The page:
Another problem I had with the book was a lot of the situations that happened, I found myself saying “WTF? That didn’t make sense.  Why did they do it that way?”  I also questioned the writing because several things felt too convenient for me, seemingly to make the plot work better.  The twist at the end, if it would have been explained on the front end would have alleviated some of this.

The book ended on a HFN (actually more okay for now, I can’t say they were happy, just existing).  The series will have an ongoing storyline, so some would say it had a kind of cliffhanger.  I hate cliffhangers and the ending did not bother me.

So now to my rating.  I’m still torn.  It sounds like I didn’t enjoy the book at all, but I did get something out of it, I’m just not sure what.  If I go by the rating system, this would be a 2.5 star book but I kind of think it deserves more than that. I read it through in one sitting and I keep thinking about it, so I think that deserves an added .5 star.

Spice’s Rating: 3 Stars

Wow…so I rarely put this down. Interestingly it wasn’t because I wanted Cam and Christina to be together. Well maybe initially but not after his wooing methods hit the page. Seriously, I kept telling her it was not a good idea but she would not listen to me. It was a seriously messed up situation right from the word go.

Christina is getting on with life after surviving the brutal death of her parents. Working as a social worker she feels that she is making a difference to the world and wants to build on the goodness she can generate through her work. One of her cases is a teenager called Jeremy and she follows his placement with concern. Of course that placement is with his father, Cam, the President of the Moroad MC.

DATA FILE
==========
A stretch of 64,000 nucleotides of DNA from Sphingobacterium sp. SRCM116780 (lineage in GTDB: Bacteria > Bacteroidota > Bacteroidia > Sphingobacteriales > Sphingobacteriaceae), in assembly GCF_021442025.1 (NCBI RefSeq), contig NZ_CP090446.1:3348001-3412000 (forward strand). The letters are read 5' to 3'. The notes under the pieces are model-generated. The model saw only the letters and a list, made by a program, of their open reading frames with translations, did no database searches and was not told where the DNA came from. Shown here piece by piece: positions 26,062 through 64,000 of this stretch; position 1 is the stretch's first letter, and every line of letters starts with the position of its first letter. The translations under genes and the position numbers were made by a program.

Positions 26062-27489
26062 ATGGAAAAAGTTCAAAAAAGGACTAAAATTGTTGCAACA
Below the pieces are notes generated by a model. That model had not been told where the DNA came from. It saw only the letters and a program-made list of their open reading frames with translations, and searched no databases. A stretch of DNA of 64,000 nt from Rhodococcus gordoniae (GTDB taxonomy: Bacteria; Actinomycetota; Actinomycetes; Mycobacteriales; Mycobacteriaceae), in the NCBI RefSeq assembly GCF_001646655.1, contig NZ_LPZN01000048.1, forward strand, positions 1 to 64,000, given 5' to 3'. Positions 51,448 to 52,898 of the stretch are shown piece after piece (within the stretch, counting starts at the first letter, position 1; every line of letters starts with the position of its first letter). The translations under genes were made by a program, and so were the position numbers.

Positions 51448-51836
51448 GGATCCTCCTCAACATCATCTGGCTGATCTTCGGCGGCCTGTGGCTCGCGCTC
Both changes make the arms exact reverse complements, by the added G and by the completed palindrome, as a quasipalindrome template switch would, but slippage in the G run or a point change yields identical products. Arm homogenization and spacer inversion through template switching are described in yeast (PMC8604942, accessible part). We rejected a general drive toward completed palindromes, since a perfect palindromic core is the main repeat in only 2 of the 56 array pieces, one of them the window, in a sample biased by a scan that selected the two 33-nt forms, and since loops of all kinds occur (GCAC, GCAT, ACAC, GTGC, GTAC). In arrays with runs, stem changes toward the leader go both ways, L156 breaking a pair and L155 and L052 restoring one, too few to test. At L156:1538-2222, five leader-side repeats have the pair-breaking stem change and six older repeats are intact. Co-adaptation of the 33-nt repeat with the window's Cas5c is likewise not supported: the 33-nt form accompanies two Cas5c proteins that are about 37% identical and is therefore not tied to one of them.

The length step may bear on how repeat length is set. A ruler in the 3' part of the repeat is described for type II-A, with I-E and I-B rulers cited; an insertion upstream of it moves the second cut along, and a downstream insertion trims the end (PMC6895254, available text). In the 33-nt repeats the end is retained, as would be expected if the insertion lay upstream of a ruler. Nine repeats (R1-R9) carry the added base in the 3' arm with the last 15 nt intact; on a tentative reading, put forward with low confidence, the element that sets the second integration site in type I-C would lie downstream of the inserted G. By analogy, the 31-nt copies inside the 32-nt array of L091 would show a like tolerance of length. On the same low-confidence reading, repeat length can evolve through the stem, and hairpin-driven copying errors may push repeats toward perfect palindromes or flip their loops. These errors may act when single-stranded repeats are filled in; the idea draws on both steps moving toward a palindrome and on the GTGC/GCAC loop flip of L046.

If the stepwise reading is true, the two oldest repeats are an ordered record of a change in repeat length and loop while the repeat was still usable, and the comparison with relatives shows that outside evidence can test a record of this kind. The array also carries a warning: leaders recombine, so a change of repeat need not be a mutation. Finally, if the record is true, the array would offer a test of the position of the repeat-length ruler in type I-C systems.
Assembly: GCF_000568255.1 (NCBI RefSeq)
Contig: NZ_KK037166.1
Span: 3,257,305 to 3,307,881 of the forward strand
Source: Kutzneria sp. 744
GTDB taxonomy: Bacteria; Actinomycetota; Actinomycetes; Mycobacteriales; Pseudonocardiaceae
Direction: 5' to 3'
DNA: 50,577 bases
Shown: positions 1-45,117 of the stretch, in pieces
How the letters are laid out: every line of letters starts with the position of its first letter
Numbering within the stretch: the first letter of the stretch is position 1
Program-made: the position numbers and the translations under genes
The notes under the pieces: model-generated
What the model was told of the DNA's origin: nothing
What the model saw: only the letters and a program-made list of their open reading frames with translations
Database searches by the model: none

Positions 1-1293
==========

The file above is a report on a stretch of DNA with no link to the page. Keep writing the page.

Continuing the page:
Having two characters drawn from different walks of life is no barrier to romance but this was not just about where they were coming from it was about how they could ever overcome their situation. I just couldn’t fathom how any logically thinking man could kid himself that what he had planned would turn out roses. There are caveman moves and then there’s his approach. What was the matter with a drink at the bar first or even take the girl out for a meal as a method for winning her over? Seriously, he must have skipped the sandbox lesson on what’s yours and the term ‘mine’…

Now, this is where my thoughts on the book became confusing. I ended up being able to compartmentalise the initial situation neatly away and got on with the story to the point where it felt like everything was as it should be. Happy families MC style, well mostly.

Rating this book was a challenge. It hooked me in even though the bones of this story weren’t appealing.  It won’t be for everyone and I can’t even say that it was the darkness of the story that attracted me. Maybe it was the fact that a confidante can come in varying forms and as in this case, the most unlikely of choices create a sense of harmony that is more of a surprise to them than anyone else.  The final words from Cam had me reaching for the next book in the Moroad MC series and that’s exactly what I have done.

Lily’s Rating 3.5 nearly 4 stars

three-half-stars

About The Dirty Girls

A group of women who can be funny, snarky, serious when we need to be, occasionally raunchy, and always dirty.